That's all changed with the current financial crisis, however. As of July 2009, the U.S. savings rate has skyrocketed to 5.7 percent, the highest level in more than a decade [source: Blankenhorn]. Unfortunately, the timing for the U.S. economy couldn't be worse. Just when businesses need consumers -- and their money -- the most, most wallets are shut tight.

Is Keynes right? Are we penny-pinching our way to total economic collapse? How can we know when it's prudent to be frugal and when it's safe to spend?


Spending to Save

Spend a little cash on maintenance now and save yourself a lot of trouble -- and money -- down the line.
Spend a little cash on maintenance now and save yourself a lot of trouble -- and money -- down the line.
Justin Sullivan/Getty Images

Many people have been hit hard by the recession, and it seems as if everyone has caught "saving fever" as a result. Of the 86 percent of Americans who have cut their spending or changed their savings and investment strategies during this recession, more than half of them have yet to feel the financial pinch personally [source: Hopkins]. They're saving money as a buffer against an uncertain economic future.

In addition, despite statistics asserting that Americans carry more than $2.5 trillion in personal debt, millions of American families have money in the bank, mortgages they can actually afford -- and no credit card debt [source: Federal Reserve]. These lucky folks are the people who are in the best position to spend money during a recession. However, that doesn't mean that it's their patriotic duty to go on wild shopping sprees to make up for the meager consumerism of their neighbors.


Instead, financial experts say, people without debt should look at the "save or spend" riddle from a different perspective. Instead of using their money to consume, they should use it to invest [source: Leonhardt]. When economists talk about investing in this sense, they're not talking about stocks and bonds. Instead, they're talking about products and services purchased today that will save you money down the line.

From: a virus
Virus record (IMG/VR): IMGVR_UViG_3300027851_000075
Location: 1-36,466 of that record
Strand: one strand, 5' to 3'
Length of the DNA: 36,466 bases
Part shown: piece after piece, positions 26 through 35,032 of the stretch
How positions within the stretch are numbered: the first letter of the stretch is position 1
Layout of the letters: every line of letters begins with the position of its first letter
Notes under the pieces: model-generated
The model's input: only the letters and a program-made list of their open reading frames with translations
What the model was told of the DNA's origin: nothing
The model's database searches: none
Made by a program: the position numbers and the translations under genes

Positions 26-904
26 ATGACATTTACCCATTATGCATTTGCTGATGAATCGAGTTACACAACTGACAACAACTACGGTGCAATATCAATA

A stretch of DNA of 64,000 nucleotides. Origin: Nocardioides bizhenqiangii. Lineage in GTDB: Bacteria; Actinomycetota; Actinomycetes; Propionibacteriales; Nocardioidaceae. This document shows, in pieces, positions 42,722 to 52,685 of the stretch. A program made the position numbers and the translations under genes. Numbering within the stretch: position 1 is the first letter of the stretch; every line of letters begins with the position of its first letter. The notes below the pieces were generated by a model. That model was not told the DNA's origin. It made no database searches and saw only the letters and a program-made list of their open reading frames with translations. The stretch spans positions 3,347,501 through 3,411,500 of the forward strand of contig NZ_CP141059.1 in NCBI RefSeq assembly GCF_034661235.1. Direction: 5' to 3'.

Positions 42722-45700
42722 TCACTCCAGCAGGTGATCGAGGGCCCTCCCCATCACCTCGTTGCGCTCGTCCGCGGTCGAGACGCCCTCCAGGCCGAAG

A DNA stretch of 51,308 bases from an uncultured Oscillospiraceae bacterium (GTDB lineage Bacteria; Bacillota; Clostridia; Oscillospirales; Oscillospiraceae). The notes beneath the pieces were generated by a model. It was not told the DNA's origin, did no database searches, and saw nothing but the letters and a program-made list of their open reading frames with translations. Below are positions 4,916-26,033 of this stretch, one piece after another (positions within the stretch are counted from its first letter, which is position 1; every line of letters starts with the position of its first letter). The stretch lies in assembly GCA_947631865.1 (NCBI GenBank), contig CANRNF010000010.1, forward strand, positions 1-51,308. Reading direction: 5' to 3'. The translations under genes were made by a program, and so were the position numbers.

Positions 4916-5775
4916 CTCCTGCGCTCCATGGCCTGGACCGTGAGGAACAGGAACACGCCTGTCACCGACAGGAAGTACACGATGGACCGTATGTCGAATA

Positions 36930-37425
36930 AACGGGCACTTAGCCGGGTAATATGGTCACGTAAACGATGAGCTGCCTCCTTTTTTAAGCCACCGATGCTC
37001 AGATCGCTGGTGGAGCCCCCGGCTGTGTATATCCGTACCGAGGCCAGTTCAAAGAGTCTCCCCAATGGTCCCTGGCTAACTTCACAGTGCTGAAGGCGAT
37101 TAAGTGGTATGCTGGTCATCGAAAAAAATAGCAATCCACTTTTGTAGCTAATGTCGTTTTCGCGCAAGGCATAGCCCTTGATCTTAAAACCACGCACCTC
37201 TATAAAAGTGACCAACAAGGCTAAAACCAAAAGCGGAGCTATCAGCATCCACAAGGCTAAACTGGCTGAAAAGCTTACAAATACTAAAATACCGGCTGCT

The mantra is "spend to save," and here are some examples:

[sources: Leonhardt, Caplinger]

The "spend to save" philosophy is a convenient solution to the paradox of thrift, because the individual is helping himself over the long term while stimulating the economy in the short term.

Of course, in order to save, you have to have money to spend. On the next page, we'll look at an interesting twist to the paradox of thrift.


Saving to Spend

In his campaign to convince British citizens to get out and spend, John Maynard Keynes gave the word "thrift" a bad name. In reality, thrift isn't the same as excessive saving, hoarding money in mattresses or simply refusing to participate in the economy. Thrift, as Benjamin Franklin understood it, was a virtue [source: Blankenhorn]. It's equated with hard work, frugal living and prudent investment. Thrift, when practiced correctly, is the best way to gain wealth.

Franklin's definition of thrift has helped inspire books like Thomas J. Stanley and William D. Danko's "The Millionaire Next Door," which explains that many of America's millionaires bring in modest salaries and live in blue-collar neighborhoods. The trick is that they manage their money wisely and live well below their means. When faced with the "spend or save" conundrum, they almost always save.


The ironic part, therefore, of the Paradox of Thrift is that thrifty people -- those who put away at least 10 percent of their salary a year -- are the very people who are in the best position to spend during a recession [source: Parker].

Thrifty people play a second important role during a recession. Every time they put money in the bank -- whether through a savings account, a certificate of deposit (CD) or a mortgage payment -- they inject crucial liquidity back into the credit system [source: Hamm]. This has been one of the main goals of the bank bailouts that have cost U.S. taxpayers hundreds of billions of dollars over the past year. Banks aren't lending money to businesses, because they don't have any to lend. By continuing to put money in the bank, thrifty people are making banks more liquid and helping to ease their credit freeze.

If Keynes wanted to craft a more precise message, he might have called it the "Paradox of Hoarding." Hoarding, after all, is the only truly damaging activity to the greater economy. As long as money is kept in circulation, whether through modest spending or deposits into bank accounts, then even the thriftiest among us are helping to spur the economy.